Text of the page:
[115] J . K . Williams, E. L . Martin, and W. A . Sheppard, J . org.
Chemistry 31, 919 (1966).
[116] W . A . Sheppard,Trans. NewYork Acad. Sci.29,700(1967).
ill71 M . J . S . Dewar and Y.Takeuchi, J. Amer. chem. SOC.89,
390 (1967).
[I181 M . J . S . Dewar and A . .'6 Marchand, J. Amer. chem. S O C .
88, 354 (1966).
ill91 W . A . Sheppard, J. Amer. chem. S O C . 87,2410 (1965).
99
Our results do not allow detaiIed conclusions to be
drawn about the extent of repulsive interaction between
filled orbitals on the substituent and the x system of
the ring. The occurrence of this for [N(CH3)3]+ suggests that similar effects do exist for C R 3 and presumably also in substituents such as N R 2 which
contain lone pairs. However we feel that most of the
x disturbance in N R 2 is caused by conjugative electron
donation. It was noted earlier that repulsive interactions are included in the “I, effect” by some authors.
Even though we consider I, effects induced by polarity
of substituent bonds to be negligible, this repulsive
interaction is in the opposite direction and we strongly
suggest that it should be made clear which effect is
referred to in each instance. There has been some
suggestion 11191 that repulsive interactions directly
affect positions other than the one to which the substituent is connected in certain cases and further work
on model compounds in which various atoms of a
substituent are held close to the ortho and meta
positions is highly desirable.
11. Conclusions
To summarize, our own and recent other work leads
us to conclude that in non-crowded systems there are
only three important effects of a substituent on a benzene ring.
1. Conjugative or mesomeric interactions. This effect
is felt mainly at the ortho and para positions and
results in transfer of electron density from ring to
substituent or vice versa.
2. Repulsion of the x electrons of the ring by p electrons of the substituent. This is felt mainly at the
ortho and para positions but the nett result is a redistribution of the existing x density of the ring.
3. A direct field effect of the substituent potential on
a reaction or measurement site elsewhere in the ring.
This factor will only be obvious if the method of
measurement is susceptible to a field effect. A recent
[120] I. Mochida and Y . Yoneda, Bull. chem. SOC.Japan 41,1479
(1968).
[121] N. Bodor, Rev. roum. Chemie 13, 555 (1968).
[122] K. Bowden and D . C . Parkin, Canad. J. Chem. 47, 185
(1969).
[123] V. Palm, Organic Reactivity (Tartu State Univ.) 5, 583
(1968).
11241 N. C. Baird and M . J . S. Dewar, J . Amer. chem. SOC.91,
352 (1969).
[125] See for example, J . D. Bene and H. H . J a f i , J. chem. Physics 49, 1221 (1968).
[126] G. P. Schiemenz, Spectrochim. Acta 25 A, 439 (1969), and
previous papers in the series.
100
example of this 117,145,1461is found in the observation
that unless highly polar solvents are used alicyclic
fluorides d o not show 1 9 F - N M R shifts caused by field
effects from remote substituents while aryl fluorides do.
This apparently occurs because in the latter case the
unshared p electrons on the fluorine atom can be
induced by the field effect to conjugate further with
the x system of the aromatic ring; this is not possible
with the alicyclic compounds.
In addition there is probably a small D-inductive effect
but this will diminish rapidly, albeit alternatively,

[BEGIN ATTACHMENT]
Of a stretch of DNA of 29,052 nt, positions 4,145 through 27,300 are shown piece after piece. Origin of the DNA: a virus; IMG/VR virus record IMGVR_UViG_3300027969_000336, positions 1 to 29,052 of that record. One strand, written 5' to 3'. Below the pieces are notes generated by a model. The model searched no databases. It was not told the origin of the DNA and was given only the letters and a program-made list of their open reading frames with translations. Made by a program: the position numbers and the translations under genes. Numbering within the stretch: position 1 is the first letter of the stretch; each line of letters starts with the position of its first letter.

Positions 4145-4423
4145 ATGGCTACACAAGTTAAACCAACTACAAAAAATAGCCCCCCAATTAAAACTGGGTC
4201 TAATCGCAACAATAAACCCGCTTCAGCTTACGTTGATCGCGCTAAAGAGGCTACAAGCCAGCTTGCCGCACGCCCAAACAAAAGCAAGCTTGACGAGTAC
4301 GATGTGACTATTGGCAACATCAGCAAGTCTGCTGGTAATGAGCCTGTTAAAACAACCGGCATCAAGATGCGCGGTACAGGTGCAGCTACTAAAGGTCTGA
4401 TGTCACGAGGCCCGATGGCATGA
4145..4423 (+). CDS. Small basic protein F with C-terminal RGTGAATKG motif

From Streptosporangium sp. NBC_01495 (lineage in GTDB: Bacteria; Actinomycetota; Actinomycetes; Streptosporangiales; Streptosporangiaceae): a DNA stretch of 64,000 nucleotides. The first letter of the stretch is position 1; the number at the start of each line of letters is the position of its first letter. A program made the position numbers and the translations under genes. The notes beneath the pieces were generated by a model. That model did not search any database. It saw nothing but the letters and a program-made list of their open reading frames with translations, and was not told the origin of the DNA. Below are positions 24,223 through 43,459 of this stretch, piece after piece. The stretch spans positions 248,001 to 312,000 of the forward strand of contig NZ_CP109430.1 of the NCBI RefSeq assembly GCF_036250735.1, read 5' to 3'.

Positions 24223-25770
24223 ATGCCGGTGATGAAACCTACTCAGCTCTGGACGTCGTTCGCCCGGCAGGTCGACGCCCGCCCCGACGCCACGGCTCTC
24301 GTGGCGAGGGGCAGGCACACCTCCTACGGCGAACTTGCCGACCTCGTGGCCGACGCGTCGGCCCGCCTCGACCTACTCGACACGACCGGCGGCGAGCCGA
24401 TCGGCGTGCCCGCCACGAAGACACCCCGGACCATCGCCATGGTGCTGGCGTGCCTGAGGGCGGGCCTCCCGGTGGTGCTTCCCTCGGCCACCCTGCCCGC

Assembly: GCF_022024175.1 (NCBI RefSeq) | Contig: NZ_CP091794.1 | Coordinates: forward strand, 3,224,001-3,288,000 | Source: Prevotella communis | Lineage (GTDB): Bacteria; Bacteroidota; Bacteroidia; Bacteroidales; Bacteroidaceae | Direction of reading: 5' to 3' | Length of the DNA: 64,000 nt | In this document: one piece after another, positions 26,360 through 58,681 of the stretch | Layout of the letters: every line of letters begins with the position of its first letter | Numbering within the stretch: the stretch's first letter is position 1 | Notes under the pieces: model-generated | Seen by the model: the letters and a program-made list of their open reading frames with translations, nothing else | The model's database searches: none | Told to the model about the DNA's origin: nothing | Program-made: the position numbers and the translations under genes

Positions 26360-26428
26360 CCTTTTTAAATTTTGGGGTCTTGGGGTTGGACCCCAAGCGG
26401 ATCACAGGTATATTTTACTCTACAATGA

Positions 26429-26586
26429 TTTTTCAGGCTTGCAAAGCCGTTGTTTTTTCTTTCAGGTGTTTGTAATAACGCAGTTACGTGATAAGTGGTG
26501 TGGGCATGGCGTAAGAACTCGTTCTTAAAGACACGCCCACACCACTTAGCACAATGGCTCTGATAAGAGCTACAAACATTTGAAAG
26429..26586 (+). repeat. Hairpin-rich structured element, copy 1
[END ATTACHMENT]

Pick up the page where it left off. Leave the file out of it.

with the length of the carbon chain.
In disubstituted benzenes, there is the additional possibility of interaction between the substituents which
will mainly be shown in the form of conjugative effects
which require them to be placed ortho or para to one
another.
Received: October 21,
1968; revised: October 6, 1969
[A 720 IE]
German version: Angew. Chem. 82, 106 (1970)
[127] For a comprehensive table of H-shifts in monosubstituted
benzenes, see K . Hayamizu and 0 . Yamamoto, J. molecular
Spectroscopy 28, 89 (1968).
11281 G. G. Dveryantseva, V. P. Lezina, V. F. Bystrov, T. N .
Olyanova, G. P. Syrova, and Yu. N . Sheinker, Izvest. Akad.
Nauk. SSSR, Otdel. chim. Nauk, 1968, 994.
11291 Y. Nomura and Y. Takeuchi, Tetrahedron Letters 1968,
5585, 5665.
[130] K. Hayamizu and 0. Yamamoto, J. molecular Spectroscopy
29, 183 (1969).
[131] J. W. Emsley, J. chem. SOC.(London) A 1968,2018, 2735,
and references given therein.
[132] M . J. S. Dewar and J . Keleman, J. chem. Physics 49, 499
(1 968).
[133] R. Ditchfield and J . N . Murrell, Molecular Physics 15, 533
(1968).
[134] Y. Sasaki, S. Ozaki, and M . Suzuki, Chem. pharmac.Bull.
(Japan) 16, 2137 (1968).
[135] R. W. Crecely, J . M . Readjr., R . S . Butler, and J . H . Goldstein, Spectrochim. Acta 24 A, 685 (1968).
[136] J. E. Loemker, K . M . Pryse, J . M . Readjr., and J . H . Goldstein, Canad. J. Chem. 47, 209 (1969).
[137] M . R. Bramwell and E. W . Ronda//, Chem. Commun.
1969, 250.
[138] J. C. Duinker and I . M . Mills, Spectrochim. Acta 24 A,
417 (1968).
[139] R. T . C . Brownlee, A . R. Katritzkv, M . V. Sinnott, M . Szafran, R. D . Topsom, and L . Yakhontov, Tetrahedron Letters 1968,
5773.
[140] R. T. C. Brownlee, A . R. Katritzky, M . V. Sinnoft, M . Szafran, R . D . Topsom, and L . Yakhontov, submitted for publication
in J. Amer. chem. SOC.
[141] A. K. Chandra, Molecular Physics 14, 577 (1968).
I1421 V. 0. Jarchow and L . Kuhn, Acta Crystallogr. 24 B, 222
(1968).
11431 S. R. Hartschorm and J . H . Ridd, J. chem. SOC. (London)
B 1968, 1063.
[144] D . T. Clark, Theoret. chim. Acta 10,352 (1968).
[145] E. W. Della, Chem. Commun. 1968, 1558.
[146] P. E. Petersen, R. J . Bopp, and W . A. Sheppard, J. Amer.
chem. SOC.92, 1251 (1969).
Angew. Chem. internat. Edit.
Vol. 9 (1970) f No. 2